It would be interesting if this managed to double the national debt as the national debt was already on track to nearly double during Bush's term. Quadrupling an already high national debt in that period would be quite an achievement.

A few years ago I believe about twenty percent of federal revenue was spent on servicing the national debt. How long can it be before the government defaults?

Is it time to start converting investments to gold, or just go straight to stockpiling food?

One thing you repugs don't like to remember is that the old jelly bean from California was the great deregulator and less government proclaimer.
He was the great commentator as he spun the wool over the eyes of public.

Its greed that got us and we been had!

If you are looking for the culprit try the bathroom mirror as odds are you will find one there.

It's actually not that bad. If Fannie and Freddie go under, the government just creates another government agency and uses that entity to provide loans.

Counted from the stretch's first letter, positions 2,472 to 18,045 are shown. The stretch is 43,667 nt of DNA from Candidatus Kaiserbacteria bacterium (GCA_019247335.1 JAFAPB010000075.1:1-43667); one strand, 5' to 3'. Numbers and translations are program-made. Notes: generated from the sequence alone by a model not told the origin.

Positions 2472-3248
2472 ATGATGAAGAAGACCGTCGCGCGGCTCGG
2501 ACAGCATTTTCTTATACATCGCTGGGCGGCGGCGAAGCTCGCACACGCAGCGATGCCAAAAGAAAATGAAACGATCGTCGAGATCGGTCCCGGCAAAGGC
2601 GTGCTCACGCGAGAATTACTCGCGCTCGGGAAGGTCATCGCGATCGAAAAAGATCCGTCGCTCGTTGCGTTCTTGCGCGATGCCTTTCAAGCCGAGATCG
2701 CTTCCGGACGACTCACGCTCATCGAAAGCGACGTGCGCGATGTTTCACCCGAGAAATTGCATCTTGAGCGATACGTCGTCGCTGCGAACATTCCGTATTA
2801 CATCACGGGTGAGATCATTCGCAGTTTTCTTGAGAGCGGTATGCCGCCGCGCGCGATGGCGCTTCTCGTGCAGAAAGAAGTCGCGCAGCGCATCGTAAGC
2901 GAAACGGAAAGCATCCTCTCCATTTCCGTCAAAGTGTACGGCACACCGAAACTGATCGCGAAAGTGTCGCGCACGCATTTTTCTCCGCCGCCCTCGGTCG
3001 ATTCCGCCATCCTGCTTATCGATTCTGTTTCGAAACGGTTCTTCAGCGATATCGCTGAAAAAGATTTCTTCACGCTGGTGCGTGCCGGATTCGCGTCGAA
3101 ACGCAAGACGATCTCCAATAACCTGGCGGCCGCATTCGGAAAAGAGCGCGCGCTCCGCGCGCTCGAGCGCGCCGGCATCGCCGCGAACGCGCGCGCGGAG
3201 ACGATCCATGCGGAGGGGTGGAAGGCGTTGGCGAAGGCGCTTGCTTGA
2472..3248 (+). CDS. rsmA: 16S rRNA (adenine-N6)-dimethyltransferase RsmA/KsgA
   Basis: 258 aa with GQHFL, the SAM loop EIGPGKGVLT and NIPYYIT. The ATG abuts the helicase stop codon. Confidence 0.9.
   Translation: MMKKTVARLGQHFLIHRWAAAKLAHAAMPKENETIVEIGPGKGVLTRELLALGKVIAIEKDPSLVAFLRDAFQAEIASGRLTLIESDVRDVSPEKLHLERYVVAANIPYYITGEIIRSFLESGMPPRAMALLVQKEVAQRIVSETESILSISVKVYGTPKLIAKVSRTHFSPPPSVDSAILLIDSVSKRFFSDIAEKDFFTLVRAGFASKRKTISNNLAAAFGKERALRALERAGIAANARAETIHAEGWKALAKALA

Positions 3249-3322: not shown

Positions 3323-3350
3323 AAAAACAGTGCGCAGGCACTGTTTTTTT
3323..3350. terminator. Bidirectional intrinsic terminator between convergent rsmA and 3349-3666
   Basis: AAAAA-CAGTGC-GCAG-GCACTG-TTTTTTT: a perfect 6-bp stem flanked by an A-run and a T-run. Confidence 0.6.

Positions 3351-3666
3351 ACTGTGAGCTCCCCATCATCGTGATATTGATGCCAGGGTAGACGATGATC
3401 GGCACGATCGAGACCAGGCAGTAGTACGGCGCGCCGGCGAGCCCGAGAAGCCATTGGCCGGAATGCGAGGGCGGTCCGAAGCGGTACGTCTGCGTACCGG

"another government agency"

Fannie and Freddie are privately held companies not government agencies. Google GSE and read up a bit.


"the government just creates another government agency and uses that entity to provide loans."

Where does all this money come from? Taking on FNM and FREs debt will double total government debt to 11 trillion dollars.

Fannie and Freddie are privately held companies not government agencies.

As is obvious from the day's headlines, that's not really true.

Fannie and Freddie are privately held companies not government agencies. Google GSE and read up a bit.

True. But initially they were government agencies. The U.S. only let the GSE's go public a couple years after creating them.

My guess is the government is willing to let them go bankrupt, wiping out shareholders, and then it will provide them just enough liquidity for them to continue buying "safe" loans. But they won't provide enough money for the GSE's to actually make any type of profit.

I'm guessing it will end up costing taxpayers a couple hundred billion dollars. Which, you know, is what, a couple weeks in Iraq?

"But they won't provide enough money for the GSE's to actually make any type of profit."

Money from the window at 2% being leveraged up 10x to lend at 5% won't make money?


"I'm guessing it will end up costing taxpayers a couple hundred billion dollars."